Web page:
Stores all around already have their Christmas gear out, and are ready to kick off
Stores all around already have their Christmas gear out, and are ready to kick off the holidays right after Halloween ends. Think it’s too early for cookies and caroling? Think again. The Capitol Christmas tree was cut on November 2, 2012, about 50 days before Christmas. But why so early? The 73 foot Engelmann Spruce will be traveling all over the country, before it reaches the capitol building lawn in Washington D.C. Over three weeks, the tree will stop in 28 different cities, 13 of them in Colorado.
Meeker, Colorado had the honor of extracting the tree from White River National Forest. Cranes were there to pull the tree out of the forest like a needle out of a haystack. After being lifted over a cabin, it was very carefully laid on the back of a 100 foot long semi, where it was before the delicate process of wrapping it began.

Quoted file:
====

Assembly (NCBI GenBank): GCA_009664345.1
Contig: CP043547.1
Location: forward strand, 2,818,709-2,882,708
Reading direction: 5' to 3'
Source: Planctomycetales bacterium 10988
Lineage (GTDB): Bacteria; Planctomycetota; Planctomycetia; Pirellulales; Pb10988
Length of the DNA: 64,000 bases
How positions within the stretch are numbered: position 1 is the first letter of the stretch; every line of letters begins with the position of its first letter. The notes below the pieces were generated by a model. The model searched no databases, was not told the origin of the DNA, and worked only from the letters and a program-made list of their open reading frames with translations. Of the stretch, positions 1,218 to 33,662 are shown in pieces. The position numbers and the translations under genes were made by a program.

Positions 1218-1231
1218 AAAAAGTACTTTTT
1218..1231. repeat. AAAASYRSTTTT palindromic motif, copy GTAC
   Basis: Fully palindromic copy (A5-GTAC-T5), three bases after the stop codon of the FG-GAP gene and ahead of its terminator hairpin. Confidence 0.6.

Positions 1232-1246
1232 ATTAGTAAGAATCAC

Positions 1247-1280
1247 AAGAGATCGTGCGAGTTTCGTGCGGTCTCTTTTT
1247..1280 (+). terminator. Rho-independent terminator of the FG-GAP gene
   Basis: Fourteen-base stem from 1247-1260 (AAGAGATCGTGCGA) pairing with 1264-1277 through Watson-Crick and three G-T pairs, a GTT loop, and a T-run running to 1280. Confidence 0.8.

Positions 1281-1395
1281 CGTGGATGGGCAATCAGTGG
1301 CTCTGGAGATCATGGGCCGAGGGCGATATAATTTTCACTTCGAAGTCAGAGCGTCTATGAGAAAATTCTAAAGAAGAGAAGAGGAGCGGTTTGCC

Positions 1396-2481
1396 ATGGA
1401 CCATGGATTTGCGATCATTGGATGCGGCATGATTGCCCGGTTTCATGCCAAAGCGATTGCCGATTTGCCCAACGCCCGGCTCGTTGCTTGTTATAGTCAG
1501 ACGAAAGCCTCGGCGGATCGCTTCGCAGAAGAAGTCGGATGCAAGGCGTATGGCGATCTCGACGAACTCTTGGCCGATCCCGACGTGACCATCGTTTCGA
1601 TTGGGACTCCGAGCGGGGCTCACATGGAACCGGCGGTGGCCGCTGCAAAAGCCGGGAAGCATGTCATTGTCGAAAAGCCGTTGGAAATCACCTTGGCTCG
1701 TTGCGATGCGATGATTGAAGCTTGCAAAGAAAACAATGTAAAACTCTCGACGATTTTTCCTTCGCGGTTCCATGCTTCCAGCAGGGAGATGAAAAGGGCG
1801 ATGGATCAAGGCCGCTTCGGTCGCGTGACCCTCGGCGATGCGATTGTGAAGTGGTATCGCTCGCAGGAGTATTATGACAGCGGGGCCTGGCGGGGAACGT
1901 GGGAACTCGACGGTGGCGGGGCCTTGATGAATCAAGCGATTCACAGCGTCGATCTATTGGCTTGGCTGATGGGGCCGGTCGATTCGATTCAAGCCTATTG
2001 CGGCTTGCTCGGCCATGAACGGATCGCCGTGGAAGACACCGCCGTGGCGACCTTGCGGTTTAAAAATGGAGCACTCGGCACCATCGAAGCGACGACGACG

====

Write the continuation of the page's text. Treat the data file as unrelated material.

Before the wrapping, the tree was covered in a waxy substance to keep the moisture in, so it won’t become a prune by Christmas. To wrap it, each individual branch was tied to the trunk, and then wrapped in plastic, and put in a plywood box. The tip of the tree was put in plexiglass, so viewers can still see the magnificent tree on its journey. A large banner will travel on the box, where people can sign a warm Christmas greeting. The tree stump is in a boot with water in it. The tree can drink 30 to 40 gallons of water a day!
J.T. Stangl and Ken Coffin, forest service agents, explained that the Spruce is 74 years old, and weighs over 9,000 pounds. Seventy companion trees were also harvested in Colorado to go to different federal offices and represent each state. Over 8,000 ornaments were made by students for the Capitol Christmas tree and companion trees.
Colorado native Cheryl St. John won the 2012 Capitol Christmas Tree National Art Competition with her stunning painting, “Awaiting Spring”, which will be displayed in the capitol’s art collection.
Now that the holidays have begun, I strongly suggest you watch for the Capitol Christmas tree as it goes through Colorado.